JM: In the aftermath of the genocide, Rwanda became a place where survivors found themselves living next door to those who had killed their families. It was estimated that at least two million Hutus had participated in the murder of their Tutsi neighbors, and many of those who had not directly participated, had refused survivors safety, had pointed fingers at the hiding places of their now murdered relatives, and had engaged in other forms of indrect participation.So how does one cope in such environment, where justice has become elusive even today? Does one hate? Does he or she get angry? Does one spend the remainder of his or her life being hateful, angry and bitter?
Yes, I was angry and bitter after the genocide. I and other survivors wanted justice to be done and sometimes even wished those who have killed our families to be killed as well. But today, fourteen years after the genocide, I have chosen a different path for myself. While I still believe that those who participated in the genocide including those who murdered my family should be brought to some form of justice, I have chosen not to spend my entire life thinking about or hating the people who mudered my family or being bitter about what they took from me.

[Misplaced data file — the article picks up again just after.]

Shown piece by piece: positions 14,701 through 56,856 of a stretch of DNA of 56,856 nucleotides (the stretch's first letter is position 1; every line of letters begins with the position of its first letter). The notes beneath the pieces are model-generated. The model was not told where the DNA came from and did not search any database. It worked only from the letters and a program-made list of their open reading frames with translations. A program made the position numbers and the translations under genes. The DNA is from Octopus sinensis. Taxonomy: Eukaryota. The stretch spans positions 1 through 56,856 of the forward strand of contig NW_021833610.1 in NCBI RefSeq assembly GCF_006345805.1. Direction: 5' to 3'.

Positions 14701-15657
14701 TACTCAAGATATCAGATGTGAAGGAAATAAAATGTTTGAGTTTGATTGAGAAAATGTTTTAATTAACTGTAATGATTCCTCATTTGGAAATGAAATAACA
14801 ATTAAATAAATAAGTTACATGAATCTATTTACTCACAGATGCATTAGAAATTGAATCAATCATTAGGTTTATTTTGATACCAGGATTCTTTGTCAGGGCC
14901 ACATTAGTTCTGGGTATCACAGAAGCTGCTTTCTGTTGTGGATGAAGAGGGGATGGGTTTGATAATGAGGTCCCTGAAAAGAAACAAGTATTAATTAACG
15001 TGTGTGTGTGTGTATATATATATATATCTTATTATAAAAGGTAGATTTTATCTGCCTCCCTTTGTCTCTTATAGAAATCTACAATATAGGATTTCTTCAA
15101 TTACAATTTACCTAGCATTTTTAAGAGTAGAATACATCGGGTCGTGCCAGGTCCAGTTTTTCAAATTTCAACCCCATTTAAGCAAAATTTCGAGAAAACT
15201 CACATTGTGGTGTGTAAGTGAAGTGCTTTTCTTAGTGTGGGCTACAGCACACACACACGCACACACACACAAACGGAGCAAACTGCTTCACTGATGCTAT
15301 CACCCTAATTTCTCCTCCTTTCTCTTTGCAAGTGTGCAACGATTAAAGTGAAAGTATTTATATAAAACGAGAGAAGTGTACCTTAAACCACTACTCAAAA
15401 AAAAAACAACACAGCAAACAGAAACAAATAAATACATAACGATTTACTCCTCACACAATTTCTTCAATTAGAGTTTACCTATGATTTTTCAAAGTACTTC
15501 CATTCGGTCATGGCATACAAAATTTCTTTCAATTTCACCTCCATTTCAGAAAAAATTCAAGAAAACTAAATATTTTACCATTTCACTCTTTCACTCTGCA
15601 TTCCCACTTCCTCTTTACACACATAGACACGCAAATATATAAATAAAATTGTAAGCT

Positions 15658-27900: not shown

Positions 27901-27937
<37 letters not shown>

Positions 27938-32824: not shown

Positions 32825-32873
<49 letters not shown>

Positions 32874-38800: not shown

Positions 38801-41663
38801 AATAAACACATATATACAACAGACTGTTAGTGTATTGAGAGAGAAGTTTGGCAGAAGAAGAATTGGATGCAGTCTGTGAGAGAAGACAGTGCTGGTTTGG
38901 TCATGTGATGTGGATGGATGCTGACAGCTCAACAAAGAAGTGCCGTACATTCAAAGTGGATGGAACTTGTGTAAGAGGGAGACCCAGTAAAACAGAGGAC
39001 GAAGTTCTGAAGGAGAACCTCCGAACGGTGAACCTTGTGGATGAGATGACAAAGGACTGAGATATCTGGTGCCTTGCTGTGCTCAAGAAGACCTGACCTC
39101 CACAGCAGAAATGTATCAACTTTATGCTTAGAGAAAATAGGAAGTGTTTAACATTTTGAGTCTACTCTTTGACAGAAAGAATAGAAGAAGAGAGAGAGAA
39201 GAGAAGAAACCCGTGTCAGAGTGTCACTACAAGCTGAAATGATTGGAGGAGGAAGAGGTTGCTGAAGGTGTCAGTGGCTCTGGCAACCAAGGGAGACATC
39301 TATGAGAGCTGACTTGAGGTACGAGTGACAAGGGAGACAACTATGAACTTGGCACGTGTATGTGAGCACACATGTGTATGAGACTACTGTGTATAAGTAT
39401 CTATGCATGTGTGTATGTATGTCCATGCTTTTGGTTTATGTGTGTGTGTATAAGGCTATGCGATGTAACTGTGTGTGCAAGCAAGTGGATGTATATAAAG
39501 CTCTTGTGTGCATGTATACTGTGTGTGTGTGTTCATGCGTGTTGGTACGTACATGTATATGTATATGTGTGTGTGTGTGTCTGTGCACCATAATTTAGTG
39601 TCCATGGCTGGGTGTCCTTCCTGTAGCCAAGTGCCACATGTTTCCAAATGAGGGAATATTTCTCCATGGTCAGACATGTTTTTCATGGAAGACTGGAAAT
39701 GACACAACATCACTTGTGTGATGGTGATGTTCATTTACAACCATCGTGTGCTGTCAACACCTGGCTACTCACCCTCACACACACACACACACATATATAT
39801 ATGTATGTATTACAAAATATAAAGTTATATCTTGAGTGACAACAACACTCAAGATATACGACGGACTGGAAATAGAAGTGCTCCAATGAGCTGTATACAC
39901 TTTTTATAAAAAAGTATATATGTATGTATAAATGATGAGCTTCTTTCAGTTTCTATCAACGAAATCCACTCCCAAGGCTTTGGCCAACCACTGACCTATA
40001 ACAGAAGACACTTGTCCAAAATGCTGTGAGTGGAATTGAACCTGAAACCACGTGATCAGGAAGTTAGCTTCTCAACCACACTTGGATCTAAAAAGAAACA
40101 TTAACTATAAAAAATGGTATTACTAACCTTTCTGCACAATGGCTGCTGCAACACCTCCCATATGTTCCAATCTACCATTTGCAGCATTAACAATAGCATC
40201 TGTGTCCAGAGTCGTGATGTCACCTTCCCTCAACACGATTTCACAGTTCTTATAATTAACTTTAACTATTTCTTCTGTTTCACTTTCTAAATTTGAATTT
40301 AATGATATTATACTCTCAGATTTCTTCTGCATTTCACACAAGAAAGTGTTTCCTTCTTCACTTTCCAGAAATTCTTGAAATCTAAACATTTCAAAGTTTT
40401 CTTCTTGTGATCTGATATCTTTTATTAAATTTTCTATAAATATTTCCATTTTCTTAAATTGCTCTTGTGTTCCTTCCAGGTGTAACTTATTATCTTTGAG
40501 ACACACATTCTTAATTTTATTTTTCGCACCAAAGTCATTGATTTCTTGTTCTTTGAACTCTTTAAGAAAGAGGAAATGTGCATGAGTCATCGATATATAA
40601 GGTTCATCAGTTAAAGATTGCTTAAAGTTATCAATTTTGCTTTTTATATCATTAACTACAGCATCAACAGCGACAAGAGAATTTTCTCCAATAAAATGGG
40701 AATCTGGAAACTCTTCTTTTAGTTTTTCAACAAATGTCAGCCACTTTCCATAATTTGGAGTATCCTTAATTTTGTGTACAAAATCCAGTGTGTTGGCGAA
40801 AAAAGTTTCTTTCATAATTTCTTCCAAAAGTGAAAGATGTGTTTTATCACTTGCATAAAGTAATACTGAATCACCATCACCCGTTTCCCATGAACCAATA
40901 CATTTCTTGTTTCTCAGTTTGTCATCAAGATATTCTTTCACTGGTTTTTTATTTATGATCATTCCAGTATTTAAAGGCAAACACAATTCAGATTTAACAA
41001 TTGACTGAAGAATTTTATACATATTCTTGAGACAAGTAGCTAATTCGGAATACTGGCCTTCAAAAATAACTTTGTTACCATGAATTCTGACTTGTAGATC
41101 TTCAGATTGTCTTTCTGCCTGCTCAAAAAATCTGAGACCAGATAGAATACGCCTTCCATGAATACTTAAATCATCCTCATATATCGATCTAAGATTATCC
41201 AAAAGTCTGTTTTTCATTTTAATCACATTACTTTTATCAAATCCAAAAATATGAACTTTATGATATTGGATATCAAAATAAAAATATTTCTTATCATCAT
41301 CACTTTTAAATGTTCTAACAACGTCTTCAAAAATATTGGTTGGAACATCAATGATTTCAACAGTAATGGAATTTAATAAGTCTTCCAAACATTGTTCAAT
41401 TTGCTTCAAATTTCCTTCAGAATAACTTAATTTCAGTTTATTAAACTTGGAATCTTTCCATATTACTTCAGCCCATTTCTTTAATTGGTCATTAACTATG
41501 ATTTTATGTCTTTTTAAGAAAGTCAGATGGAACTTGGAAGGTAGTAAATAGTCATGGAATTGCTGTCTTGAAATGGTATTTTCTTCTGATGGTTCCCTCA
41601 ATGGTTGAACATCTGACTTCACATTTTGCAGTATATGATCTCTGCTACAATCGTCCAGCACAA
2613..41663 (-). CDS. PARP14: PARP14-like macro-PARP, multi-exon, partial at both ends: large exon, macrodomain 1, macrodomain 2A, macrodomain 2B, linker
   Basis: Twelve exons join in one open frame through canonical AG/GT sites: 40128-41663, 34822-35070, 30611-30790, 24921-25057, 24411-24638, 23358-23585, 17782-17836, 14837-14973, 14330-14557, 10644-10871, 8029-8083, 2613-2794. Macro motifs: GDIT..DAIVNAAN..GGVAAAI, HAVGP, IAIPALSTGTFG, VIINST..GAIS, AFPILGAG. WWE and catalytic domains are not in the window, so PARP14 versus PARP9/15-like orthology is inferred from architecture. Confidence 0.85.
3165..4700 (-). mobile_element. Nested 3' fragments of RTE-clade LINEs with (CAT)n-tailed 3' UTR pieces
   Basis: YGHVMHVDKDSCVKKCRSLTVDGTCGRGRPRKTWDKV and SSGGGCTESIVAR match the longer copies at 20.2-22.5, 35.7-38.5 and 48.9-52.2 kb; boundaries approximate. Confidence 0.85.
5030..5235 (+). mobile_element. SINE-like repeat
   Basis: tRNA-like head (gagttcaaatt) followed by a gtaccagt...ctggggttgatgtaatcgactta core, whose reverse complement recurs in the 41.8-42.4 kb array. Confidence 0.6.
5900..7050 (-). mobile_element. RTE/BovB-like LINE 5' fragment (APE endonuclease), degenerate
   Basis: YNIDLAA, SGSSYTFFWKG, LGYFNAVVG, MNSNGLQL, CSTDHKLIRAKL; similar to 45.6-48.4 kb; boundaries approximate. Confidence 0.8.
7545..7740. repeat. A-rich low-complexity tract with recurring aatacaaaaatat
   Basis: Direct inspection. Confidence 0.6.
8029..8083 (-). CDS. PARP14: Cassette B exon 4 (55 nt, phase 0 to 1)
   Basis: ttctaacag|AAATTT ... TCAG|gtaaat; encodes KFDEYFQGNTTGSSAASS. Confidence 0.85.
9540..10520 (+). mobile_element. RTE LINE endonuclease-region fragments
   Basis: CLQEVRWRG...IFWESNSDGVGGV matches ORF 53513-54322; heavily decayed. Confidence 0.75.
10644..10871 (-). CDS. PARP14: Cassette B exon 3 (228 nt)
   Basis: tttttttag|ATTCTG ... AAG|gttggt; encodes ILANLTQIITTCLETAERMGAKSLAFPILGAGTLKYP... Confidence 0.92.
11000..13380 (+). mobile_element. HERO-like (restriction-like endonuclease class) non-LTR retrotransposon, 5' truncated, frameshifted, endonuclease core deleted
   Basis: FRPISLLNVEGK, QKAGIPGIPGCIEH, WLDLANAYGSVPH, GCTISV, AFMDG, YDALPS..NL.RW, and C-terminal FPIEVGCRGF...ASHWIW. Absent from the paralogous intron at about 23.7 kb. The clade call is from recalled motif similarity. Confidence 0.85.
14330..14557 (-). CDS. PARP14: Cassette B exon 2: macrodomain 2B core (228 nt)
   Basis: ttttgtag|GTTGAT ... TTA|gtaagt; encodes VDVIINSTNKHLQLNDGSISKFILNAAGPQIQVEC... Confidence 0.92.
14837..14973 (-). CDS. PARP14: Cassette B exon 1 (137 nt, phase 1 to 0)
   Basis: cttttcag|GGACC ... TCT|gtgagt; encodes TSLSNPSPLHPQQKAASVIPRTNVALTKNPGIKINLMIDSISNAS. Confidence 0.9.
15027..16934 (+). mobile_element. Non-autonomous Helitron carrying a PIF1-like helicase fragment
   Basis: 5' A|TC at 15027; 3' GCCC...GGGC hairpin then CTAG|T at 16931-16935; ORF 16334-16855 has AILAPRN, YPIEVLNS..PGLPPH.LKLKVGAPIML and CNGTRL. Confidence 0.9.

Not too long after the genocide, I made the decison that instead of spending my time and energies hating and being bitter, something that would in the end destroy me the most if anyone, I would instead focus my energies elsewhere. I decided to focus my time and energy in spreading awareness about what had happend in my country, about the unjust murder of my family and my people, in hopes that I might prevent any other human being from ever having to live through the horrors that I went through, or lose what I lost in 1994.
MH: You are not only very succesfull, but you even seem to be a happy and positive person. Is this true? And how is this even possible after all you have been through?